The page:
Wednesday, August 31, 2016

Playing with Summer flowers

For my Herb Societies August picnic I taught the members how to Eco- print silk scarves with flowers.  (learned from
All summer I prepared for this, I grew as many dye flowers as I could, picking them every evening and drying them. Ordered 40 silk scarves.
We met at one of the members farm, a perfect place to pick more flowers to add to the scarves.
Decorated with one of my herb quilts.


Hung my silk scarves to give them flower ideas.

Of course we had a potluck, herbalist are the best cooks.  Have you ever seen a prettier salad?

Long tables were set up, flowers set out and the fun began.

I took most of the scarves home, steamed them, and gave them back to the members so they could unroll them.

Right outside the barn was a large tansy plant. Members tucked the blossoms in with other flowers.

Back at home I mordant wool fabric, rolled it up with dark red dahlias and red blanket flowers. Tied it tight and placed it in the freezer for a week.
No steaming. This also was learned from
her book "Eco Colour"

I haven't opened it yet, I now have it in a plastic bag sitting in my refrigerator for a week, checking it everyday to make sure there's no sign of mold. Next week the reveal!

My back porch is so beautiful this year.

 With such a hot summer and lots of water it almost looks like they plants are taking over. Kind of like the movie "Little Shop of Horrors".

Wednesday, August 24, 2016

Dyeing Mandales & Japanese Itajmine

I keep thinking my life can't get any busier than summer arrives with the grandchildren off from school, I take care of them a few days a week in addition to helping my parents everyday, go to work and then on top off it all we decide to get a new kitchen! What was I thinking! But now it is done, complete remodel, new cabinets, tile backsplash and quartz counter tops. Love it. I painted all last weekend and am now I'm working on getting everything put back away.
I did squeeze in a little time for myself this summer. The American Quilters Society brought their quilt show to Grand Rapids and I took a few dyeing classes. This first one was called Frozen Mandalas. We learned how to fold and manipulate the fabric to form a mandala. Lay ice over the folded up fabric and pour on the dyes. I wasn't sure how it would turn out but it worked.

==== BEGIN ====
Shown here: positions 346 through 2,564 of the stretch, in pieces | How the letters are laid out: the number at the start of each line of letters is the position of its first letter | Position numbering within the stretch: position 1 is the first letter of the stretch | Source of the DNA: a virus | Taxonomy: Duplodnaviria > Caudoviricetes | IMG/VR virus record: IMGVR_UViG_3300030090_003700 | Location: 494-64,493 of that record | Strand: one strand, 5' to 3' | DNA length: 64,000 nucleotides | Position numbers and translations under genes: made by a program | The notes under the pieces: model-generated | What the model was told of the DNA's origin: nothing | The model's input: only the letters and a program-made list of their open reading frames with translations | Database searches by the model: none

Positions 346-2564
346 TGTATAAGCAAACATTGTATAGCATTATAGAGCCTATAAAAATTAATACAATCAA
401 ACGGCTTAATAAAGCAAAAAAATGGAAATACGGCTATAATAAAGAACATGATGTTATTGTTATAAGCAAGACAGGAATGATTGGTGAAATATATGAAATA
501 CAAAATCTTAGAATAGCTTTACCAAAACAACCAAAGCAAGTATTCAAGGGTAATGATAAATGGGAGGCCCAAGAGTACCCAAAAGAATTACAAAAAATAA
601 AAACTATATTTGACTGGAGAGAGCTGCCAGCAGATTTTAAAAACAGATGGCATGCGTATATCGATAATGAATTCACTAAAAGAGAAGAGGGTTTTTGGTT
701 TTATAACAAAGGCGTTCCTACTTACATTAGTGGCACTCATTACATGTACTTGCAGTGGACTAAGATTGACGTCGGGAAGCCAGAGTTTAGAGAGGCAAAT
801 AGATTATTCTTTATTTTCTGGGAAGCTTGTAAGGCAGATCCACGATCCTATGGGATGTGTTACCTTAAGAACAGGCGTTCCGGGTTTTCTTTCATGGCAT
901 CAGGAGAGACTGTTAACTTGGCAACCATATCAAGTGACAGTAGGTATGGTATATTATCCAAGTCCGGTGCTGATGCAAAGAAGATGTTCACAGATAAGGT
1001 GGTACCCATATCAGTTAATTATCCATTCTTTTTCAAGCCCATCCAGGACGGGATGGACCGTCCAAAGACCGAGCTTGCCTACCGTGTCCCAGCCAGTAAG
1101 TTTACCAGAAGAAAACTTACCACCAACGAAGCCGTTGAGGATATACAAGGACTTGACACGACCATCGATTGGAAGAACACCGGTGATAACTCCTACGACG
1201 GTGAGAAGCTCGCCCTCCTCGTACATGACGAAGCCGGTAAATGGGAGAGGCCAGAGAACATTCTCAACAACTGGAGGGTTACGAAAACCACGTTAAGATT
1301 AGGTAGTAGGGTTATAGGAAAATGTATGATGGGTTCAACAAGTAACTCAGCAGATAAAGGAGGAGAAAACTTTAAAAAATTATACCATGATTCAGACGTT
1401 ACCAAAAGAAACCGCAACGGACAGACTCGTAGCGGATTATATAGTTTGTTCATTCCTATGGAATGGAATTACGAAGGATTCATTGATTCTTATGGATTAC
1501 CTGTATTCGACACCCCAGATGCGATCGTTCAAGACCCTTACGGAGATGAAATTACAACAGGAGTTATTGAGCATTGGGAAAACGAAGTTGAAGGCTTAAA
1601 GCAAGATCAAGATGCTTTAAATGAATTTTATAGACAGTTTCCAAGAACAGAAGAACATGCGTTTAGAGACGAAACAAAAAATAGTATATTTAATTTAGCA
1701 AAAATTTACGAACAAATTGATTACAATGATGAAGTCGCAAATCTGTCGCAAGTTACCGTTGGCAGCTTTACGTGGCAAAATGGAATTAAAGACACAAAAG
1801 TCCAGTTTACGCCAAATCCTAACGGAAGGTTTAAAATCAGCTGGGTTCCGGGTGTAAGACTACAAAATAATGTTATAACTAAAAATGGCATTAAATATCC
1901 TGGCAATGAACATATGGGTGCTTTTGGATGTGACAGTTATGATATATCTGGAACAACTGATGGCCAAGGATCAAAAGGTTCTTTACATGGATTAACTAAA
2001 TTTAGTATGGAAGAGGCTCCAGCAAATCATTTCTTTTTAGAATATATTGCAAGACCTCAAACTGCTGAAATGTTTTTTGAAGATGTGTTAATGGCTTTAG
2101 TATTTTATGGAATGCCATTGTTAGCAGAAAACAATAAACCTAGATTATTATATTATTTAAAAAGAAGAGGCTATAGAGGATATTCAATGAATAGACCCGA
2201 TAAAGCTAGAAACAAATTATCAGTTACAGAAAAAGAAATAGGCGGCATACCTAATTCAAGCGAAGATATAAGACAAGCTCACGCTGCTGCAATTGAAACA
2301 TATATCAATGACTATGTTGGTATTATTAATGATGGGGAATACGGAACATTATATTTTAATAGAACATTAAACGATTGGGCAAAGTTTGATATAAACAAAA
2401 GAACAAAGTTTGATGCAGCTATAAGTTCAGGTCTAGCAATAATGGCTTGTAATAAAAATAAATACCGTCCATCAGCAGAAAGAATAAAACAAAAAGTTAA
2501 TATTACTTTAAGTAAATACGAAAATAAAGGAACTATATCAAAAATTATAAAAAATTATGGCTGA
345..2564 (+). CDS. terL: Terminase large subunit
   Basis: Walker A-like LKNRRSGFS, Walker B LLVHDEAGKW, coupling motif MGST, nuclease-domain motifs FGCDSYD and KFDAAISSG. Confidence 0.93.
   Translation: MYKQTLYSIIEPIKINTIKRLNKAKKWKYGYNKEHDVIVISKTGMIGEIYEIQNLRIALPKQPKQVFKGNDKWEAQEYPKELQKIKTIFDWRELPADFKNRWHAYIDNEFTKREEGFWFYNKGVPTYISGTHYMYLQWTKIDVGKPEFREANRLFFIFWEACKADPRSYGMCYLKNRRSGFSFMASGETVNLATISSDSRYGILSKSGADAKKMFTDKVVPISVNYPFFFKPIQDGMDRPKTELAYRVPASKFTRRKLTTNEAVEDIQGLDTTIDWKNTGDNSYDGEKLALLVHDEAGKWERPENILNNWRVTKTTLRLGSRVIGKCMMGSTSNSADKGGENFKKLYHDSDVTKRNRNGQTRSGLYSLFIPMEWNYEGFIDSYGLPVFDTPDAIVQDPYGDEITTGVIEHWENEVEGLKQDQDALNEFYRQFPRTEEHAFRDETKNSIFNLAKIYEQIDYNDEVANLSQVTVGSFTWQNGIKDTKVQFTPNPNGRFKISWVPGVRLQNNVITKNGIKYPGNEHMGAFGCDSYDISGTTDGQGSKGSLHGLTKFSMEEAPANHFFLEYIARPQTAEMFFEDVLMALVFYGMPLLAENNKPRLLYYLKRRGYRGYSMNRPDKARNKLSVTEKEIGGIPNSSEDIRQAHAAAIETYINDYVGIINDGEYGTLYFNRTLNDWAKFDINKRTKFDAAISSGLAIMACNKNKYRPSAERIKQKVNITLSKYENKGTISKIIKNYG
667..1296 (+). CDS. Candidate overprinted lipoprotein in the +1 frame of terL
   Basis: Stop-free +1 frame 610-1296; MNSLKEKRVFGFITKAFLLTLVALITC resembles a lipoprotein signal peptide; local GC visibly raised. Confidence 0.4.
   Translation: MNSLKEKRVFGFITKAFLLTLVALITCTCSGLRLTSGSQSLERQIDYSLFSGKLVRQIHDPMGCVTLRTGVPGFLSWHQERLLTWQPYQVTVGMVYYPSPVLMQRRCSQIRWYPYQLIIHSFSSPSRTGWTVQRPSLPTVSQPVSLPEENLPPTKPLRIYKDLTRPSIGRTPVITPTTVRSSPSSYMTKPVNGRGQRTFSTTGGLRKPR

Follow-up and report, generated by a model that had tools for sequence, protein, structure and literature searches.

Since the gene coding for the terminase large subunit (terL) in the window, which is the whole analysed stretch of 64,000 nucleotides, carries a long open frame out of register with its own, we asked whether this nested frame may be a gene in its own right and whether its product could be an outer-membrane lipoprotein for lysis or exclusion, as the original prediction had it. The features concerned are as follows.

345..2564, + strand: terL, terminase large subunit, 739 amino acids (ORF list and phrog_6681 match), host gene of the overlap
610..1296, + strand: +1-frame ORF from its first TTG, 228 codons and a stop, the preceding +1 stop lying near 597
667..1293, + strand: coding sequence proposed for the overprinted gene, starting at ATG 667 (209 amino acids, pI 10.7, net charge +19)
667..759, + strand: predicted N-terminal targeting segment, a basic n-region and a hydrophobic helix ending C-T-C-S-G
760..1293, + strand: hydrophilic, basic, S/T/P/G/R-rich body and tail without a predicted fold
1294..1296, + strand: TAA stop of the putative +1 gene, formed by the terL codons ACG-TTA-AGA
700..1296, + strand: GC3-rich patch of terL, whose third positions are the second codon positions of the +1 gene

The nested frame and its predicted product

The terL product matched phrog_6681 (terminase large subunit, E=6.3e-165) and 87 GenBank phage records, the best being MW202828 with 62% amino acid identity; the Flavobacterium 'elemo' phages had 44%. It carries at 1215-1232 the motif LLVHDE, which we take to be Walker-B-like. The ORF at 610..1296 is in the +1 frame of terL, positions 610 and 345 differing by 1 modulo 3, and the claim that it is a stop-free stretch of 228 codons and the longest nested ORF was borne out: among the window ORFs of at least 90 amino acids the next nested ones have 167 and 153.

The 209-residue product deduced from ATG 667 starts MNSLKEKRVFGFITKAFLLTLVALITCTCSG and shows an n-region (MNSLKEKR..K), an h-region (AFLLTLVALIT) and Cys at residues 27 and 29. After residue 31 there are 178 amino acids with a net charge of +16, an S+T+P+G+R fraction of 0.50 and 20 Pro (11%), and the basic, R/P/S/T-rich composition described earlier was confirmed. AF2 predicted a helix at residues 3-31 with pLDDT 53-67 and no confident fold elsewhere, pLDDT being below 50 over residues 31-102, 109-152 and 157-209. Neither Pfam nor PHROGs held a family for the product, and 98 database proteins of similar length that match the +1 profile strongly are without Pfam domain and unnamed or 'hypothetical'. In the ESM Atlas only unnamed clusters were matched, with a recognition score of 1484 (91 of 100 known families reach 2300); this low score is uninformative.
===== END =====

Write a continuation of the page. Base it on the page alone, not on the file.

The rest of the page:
I wish I could remember the instructor's name to give her credit, she did a fabulous job. Carole if you do please put it in comments.

Another one I made.

We also made several other "tie dye" pieces.

I have a challenge going on with Kay and Carole who were also in the class.
Hopefully next year we will meet and show our completed quilt pieces made from our dyed fabrics.
This was  synthetic dye not natural.


From our India inspired mandalas to Japanese inspired Itajmine.

Which involves folding, resists and clamping,

After folding and clamping, dyeing (synthetic indigo) and washing this is my "collection".

A few of my favorite pieces up close.

spider web?

Love this sunburst

The grandkids named this stars and moons,

and this one soccer balls.

A neighbor said this was his favorite one. My dye clean up rag!

I wanted to share the story behind this child's dress with you. I went to a lecture at the quilt show and the speaker told how during World War II they made silk maps for the pilots. The maps were of the territory the pilots were flying over in case they were shot down they would hopefully find their way out. They made the maps from silk because water would not hurt it, they wouldn't rustle and make noise and they could sew them secretly into their uniform. When the soldiers came home some were sewed into clothes and perhaps quilts?

Tuesday, August 9, 2016


Last Fall when the goldenrod was in full bloom, I dye printed two wool pieces. One with the individual heads lined up, and the other with the heads laid out in a circle.

I cut and basted them on indigo dyed wool. This will be the next block for my Sun & Moon quilt.

In between the goldenrod rays I cut out other goldenrod dyed fabric following the string imprints.
There is only one place I want to stitch on this block,

 in the wilderness!
We went on a family picnic Up North along a river. There's a wonderful picnic ground on a point of land. The river winds around the point. You put in your tubes, etc. on one side and 1/2 hour later your around the other side.

You come up that side, eat some lunch and do it all again.

I found a peaceful part of the river for some hiking and photo taking.

I'm using the feather stitch to sew around the Sun and it's rays.

  • Deb Hardman
  • Allie Aller
  • Jenny Bowker Cairo